The Death of Yesterday’s PMS: Embracing the New Normal
The PMS' role as the center of a hotel's technology ecosystem is coming to an end. Crucial guest data sits locked up in today's disconnected data silos, making it very difficult for hotels/brands to optimize and bank in on the 'digital guest journey'. True? If so, how could a future application/data infrastructure or migration path look like? What's your take?
Hospitality Professional, Technology Consultant, Public Speaker and Inventor
The idea of providing a [digital] personalized experience to a guest has been the Holy Grail of the Hotelier since I don’t know when – it’s just been so long. Computers were supposed to “at the press of the proverbial button” do it all – but that as we know far too well, has not been the case. Until now, they’ve been siloed in their approach to process handling – and the industry has very much revolved around the best-of-breed and interfaced approach versus integrated. Simply because, one-size does not fit all.
Having said that, hotels were [originally] of the belief that all guests should be treated equally – but again as we know – some are more equal than others, and their spend per head quickly dictated as to what colour would be the carpet that awaits their arrival…and how many associates are rostered to cater to your every whim.
There is also the argument as to how personal does a hotel – or guest need their stay to be? After all, some people are very happy with plain vanilla ice cream, and yet some seek out more exotic flavours with lots and lots of toppings. You can experience that 1sthand when you go into your local ice cream parlour – or barista manned coffee shop. So how will a hotel cope with that level of personalization?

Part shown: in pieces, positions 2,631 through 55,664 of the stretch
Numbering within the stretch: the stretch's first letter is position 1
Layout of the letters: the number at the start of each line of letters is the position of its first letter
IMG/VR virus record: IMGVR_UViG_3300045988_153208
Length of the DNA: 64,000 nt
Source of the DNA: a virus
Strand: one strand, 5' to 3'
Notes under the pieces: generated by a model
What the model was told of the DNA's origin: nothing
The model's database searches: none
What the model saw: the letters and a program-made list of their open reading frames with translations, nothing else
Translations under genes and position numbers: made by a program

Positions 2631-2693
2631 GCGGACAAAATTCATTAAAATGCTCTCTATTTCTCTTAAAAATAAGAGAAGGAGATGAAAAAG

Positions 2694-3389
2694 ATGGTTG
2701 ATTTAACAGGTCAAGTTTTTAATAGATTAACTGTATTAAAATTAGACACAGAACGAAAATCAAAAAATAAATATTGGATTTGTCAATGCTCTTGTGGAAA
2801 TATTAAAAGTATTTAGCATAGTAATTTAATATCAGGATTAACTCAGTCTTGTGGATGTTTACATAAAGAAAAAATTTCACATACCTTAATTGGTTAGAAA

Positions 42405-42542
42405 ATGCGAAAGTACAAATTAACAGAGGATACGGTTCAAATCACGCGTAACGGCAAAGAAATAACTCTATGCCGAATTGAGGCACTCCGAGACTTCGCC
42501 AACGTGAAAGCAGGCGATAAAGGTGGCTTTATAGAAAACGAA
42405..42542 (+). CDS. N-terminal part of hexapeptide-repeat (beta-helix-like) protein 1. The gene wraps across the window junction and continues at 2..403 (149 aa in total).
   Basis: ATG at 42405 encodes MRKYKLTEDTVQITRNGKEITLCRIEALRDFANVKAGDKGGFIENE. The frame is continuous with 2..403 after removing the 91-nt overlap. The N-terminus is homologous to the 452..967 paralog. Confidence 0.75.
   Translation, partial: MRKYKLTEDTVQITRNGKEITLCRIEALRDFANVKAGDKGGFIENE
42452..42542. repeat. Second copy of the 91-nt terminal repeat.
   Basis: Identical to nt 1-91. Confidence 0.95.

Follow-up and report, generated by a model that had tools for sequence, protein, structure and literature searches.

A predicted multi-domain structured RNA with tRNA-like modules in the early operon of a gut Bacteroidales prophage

For some, giving you a Pillow Menu, a Bath Menu, and a daily newspaper of your choice is their absolute limit. Add a few more items like selecting the fruit in your fruit basket to say only bananas or berries [if you are fortunate enough to receive one], or the type of amenities in the bathroom, a special TV line up of your favourites, room temperature or lighting levels – whilst do-able – will no doubt prove a fork lift type challenge to several hotel categories – both logistically, and cost wise.
But sharing meaningful data between systems should be of paramount importance to better understand the guest and where practical and possible, make them feel even more welcome, and to depart with a positive memorable experience – so they blog about it on social media.
To do this, we need to move away from the PMS [an inventory and accounting-based system] to one that is customer or CRM [customers really matter] focussed where data collected from various touchpoints is parsed using either API’s or a middleware such as an Enterprise Service Bus [ESB].
There is little doubt that most guest’s experience begins digitally – either emanating from a social media post, a spammed promotion or a web search. That point of entry is critical as to how sticky the future relationship can be between customer and supplier, and ultimately whether a transaction will take place - and the actual journey begin.
However, since many journeys begin at an OTA portal – unfortunately, you really don’t have much opportunity to begin cementing that relationship until arrival because the guest is all but hidden from sight by the OTA, for fear of your stealing them away. So, the only thing left at your disposal is to hope they like the vanilla service you provide as a baseline. This situation is unfortunately a by product of handing over the sales role to OTA’s – versus doing it yourself – but now they [the OTA’s] are so powerful, getting bookers back to your own portal is a huge challenge and yet it’s one of the ways you can begin their personalized digital journey.
ICYMI Google has an app called TRIPS which intelligently reads emails [it’s actually been doing that since 1stApril 2004] and when it sees a trip/travel related message [flight, hotel] – it intelligently parses it into the app – classifying it as a journey. In addition to which it adds info such as a city guide, events, restaurants and weather. Now, when you link that to Google’s ability to promote and sell hotel rooms [maybe soon also Airbnb] – how long will it be until this becomes a fully-fledged travel platform – managing inventory like some CRS already does – and of course, integrating it with Google Pay.
So, in summary, I agree that having a digital and personalized guest experience is great, but how will this practically and logistically be accomplished, who will do it, and will the guest be willing to pay [more] for it – by cost, or sharing even more information?